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Drug Defense Possession Lawyer in Ohio

Helping Clients Defend Themselves Against Serious Charges

Being accused of drug possession is something you should take very seriously. Depending on the amount and type of substance, you could even be facing felony charges. When you’re facing the full weight of the prosecution team, you need an experienced criminal defense lawyer.

At Weisenburger Law Offices, LLC, our attorneys are focused on protecting your freedom and being your dedicated advocate throughout the legal process.

What Is the Definition of Drug Possession?

Illegal drug possession falls under Ohio Revised Code § 2925.11, and the official charge is possession of a controlled substance. Possession can include having the substance on your actual person, such as in your pocket or being found with it currently in your hand. But it also includes the substance being present in any of your personal property. For example, if an officer finds drugs in a bag that you had in the backseat of your car, you could still face drug possession charges even if it wasn’t your bag or you weren’t aware of the contents.

You can also be charged with possession of drug paraphernalia if you are found with materials that can be used to manufacture, process, or use a controlled substance. Common examples include pipes, syringes, plastic baggies, and scales. Generally, you can only be charged with possessing drug paraphernalia if it is being used in conjunction with a controlled substance or there is the clear intent to do so. For example, if you have a scale and baggies in your car, but there are no illegal substances present and no evidence to suggest that you are using them for drugs, there generally isn’t enough to make a charge.

When Does Drug Possession Become a Felony Drug Crime?

Possession of a controlled substance can result in either misdemeanor or felony charges. If the substance is a Schedule IV or V drug, it is generally charged as a misdemeanor. Schedule IV controlled substances include some prescriptions, such as Xanax or Ambien. Schedule V substances are the least controlled and are things like prescription-strength cough syrups. They are considered to have the least potential to be abused, so the penalties aren’t as severe.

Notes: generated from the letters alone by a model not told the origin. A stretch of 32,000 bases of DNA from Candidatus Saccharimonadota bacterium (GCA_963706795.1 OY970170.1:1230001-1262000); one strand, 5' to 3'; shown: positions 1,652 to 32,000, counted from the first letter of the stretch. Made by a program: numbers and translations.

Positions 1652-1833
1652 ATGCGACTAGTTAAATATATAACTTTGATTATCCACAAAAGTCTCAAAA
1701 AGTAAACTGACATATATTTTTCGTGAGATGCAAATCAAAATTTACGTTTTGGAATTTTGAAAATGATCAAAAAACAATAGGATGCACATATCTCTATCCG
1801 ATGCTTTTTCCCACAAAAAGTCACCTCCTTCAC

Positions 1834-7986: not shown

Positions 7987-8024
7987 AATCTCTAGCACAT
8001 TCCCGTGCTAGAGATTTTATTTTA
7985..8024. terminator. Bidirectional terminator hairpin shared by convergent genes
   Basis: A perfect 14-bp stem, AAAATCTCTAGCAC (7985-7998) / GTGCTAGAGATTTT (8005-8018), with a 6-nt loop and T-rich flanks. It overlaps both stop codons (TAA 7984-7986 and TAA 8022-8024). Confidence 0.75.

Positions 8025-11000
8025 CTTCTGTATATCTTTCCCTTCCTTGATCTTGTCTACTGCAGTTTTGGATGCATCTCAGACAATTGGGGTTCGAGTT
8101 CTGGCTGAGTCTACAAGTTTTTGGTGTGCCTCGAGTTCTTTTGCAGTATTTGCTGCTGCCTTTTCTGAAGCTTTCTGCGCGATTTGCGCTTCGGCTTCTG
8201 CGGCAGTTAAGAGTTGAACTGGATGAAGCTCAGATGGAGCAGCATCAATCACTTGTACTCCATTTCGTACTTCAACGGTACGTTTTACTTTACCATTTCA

Schedule III substances have a moderate potential for abuse, and unauthorized possession of one of these drugs can result in either felony or misdemeanor charges, depending on the substance and the amount.

Schedule II and I substances have the highest potential for abuse and are the most regulated. Examples of Schedule II drugs include methamphetamine and fentanyl, and common Schedule I drugs include LSD and heroin. Possession of any of these substances can be charged as a felony, and possession of a Schedule I substance can result in an aggravated felony charge.

If you are found with a large amount of a controlled substance, you could also face drug trafficking charges, which is a second-degree felony in Ohio.

What Are the Penalties for Drug Crimes in Ohio?

Ohio drug laws allow for different penalties depending on the drug offense. In general, the sentence for possession of a controlled substance can include incarceration and a fine. Misdemeanor sentences can range from up to 30 days in jail for a Schedule V drug to up to 1 year for a misdemeanor charge on a Schedule III drug. Felony charges can result in up to 10 years, and these sentences are generally served in prison instead of jail. Fines for drug possession can be up to $20,000 for serious felonies.

How Do I Know If a Search and Seizure Was Lawful?

In many cases, someone is charged with possession of a controlled substance after being arrested for another crime or stopped for a traffic offense. The officer usually finds the substance or paraphernalia either on the defendant or in their car or bag, but this evidence must be found in a lawful search and seizure to be able to be used in court. If you are under arrest, officers are allowed to search you and the immediate vicinity. If an officer conducts a traffic stop, they can generally only search you or your vehicle if you give your permission or they have probable cause, such as seeing drugs or paraphernalia in open view. Officers can generally only search your home with a signed search warrant from a judge. If you think that you may have been subject to an illegal search and seizure, contact a drug possession lawyer today.

Is Marijuana Still a Controlled Substance?

In December 2022, Ohio voters approved Issue 2, which made marijuana legal for recreational use. However, there are still some specific parameters as to when and how marijuana can be legally used. Marijuana can only be used by those over the age of 21, and the limits for personal possession are 2.5 ounces of cannabis or up to 15 grams of a marijuana concentrate. Growing marijuana for personal use is also now legal, but you are limited to six plants for each adult or up to 12 plants maximum in one household. If you are found in possession of more than the legal personal amount or are under 21, you could still face drug charges.

Whether you’ve been arrested for the first time or have previous convictions, the team at Weisenburger Law Offices, LLC, is here to help. Our drug defense attorneys create a strategy based on the unique facts of your situation and ensure your rights are protected every step of the way. Call our firm at 440-771-8525 to find out more about our attorneys and how we’ve helped other clients successfully defend themselves against drug possession charges.